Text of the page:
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A Sorrowful Masterpiece - 88%

Deathdoom1992, May 8th, 2016
Written based on this version: 2003, CD, Peaceville Records (Remastered, Limited edition)

Coming a little under a year and a half after the release of their first full-length As the Flower Withers, My Dying Bride did something not many bands would dare to do. Instead of using their sophomore effort to refine the good elements on Flower, they did an about-face and almost completely abandoned the sound demonstrated on their debut. Gone were the guttural growls, replaced by a plain, mournful wail and spoken segments, the guitar parts slowed even further, the balls-out death metal tracks gone, and the violins now fully a part of the MDB sound. But the question is, did it work? The answer is a resounding yes.

Beginning inconspicuously enough with the opener "Sear Me MCMXCIII", as the title suggests a reworked version of "Sear Me" from My Dying Bride's debut, which, along with album closer "Black God" demonstrates the extremity of the sonic makeover underwent, as the songs feature no guitars, bass or drums at all. The unquestionable highlight for me is "The Crown of Sympathy" a twelve-minute brooding epic about love in a way that only Aaron Stainthorpe could write, however the release is held down by the title track, not too dissimilar to "The Crown of Sympathy", but always seems to rub me the wrong way whilst listening. Also of note are "Your River" and bonus track "Transcending (Into the Exquisite)", the latter of which features an arrangement which is pure headbanger's joy.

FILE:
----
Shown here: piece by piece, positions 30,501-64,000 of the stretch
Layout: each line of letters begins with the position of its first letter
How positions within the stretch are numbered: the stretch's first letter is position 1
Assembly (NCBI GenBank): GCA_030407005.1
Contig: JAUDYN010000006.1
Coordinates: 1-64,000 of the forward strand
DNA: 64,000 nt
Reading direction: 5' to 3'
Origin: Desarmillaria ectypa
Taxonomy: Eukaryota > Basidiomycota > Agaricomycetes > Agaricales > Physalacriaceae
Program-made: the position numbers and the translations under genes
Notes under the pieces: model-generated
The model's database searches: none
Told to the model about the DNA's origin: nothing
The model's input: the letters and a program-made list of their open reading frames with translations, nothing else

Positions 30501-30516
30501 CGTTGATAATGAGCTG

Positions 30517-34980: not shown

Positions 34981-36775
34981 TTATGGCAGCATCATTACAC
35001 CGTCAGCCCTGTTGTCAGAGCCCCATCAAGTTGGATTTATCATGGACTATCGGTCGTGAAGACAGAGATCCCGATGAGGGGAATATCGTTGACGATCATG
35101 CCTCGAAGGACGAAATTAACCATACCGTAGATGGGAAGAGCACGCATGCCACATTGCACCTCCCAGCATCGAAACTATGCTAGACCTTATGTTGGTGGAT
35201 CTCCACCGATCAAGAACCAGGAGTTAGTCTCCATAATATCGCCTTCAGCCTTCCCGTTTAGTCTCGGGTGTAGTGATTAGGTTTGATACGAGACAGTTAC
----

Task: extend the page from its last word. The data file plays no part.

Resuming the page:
For all the album's resounding successes, (and believe me there are many- there are just two songs I dislike) it is not without fault. A prime example of this being Rick Miah's drumming. Given his incredible performance on their first full-length, I would expect wonders from him, but sadly the drumming is fairly poor. It seems as though he was told to go into the studio and play randomly at random times. And as much as I love the violin playing on this album, at certain points it forces itself too much to the forefront. My main issue though, is the repetitiveness of the lyricism. Don't get me wrong here, Stainthorpe's lyrics are beautiful, literary, intelligent and well-written but they all revolve around much the same topics: love, loss of love, death of a loved one etc. The only exceptions to this are "The Songless Bird" and "The Snow in My Hand". The stucture could use a little work too , as the depressive tracks are placed at the front and the more death-doom oriented ones places at the back. Also, 3 consecutive songs beginning with 'The'. Not significant, but just sayin'.

Summarily, although normally I would say it would be unfair to say it is better than Flower given how different the two records are, in this instance it is clear in my mind that this one is better. While the poor production suited Flower, this one has a much better production, meaning the bass is much more audible, (and Adrian Jackson's performance on this album is epic) and the guitars have an altogether better tone, rather than the pseudo-Scandinavian slight buzzsaw sound on their early work. Another significant change is the balance of emotions on display, although the emotions themselves are the same- hate and sorrow. Whereas on their first full length the sorrow was in the background, playing second fiddle to the hatefulness of it all, the depression is turned up to the max and shoved in your face here, so it is virtually impossible to listen whilst upbeat. Horribly magnificent, this opus remains to me their best and defining record.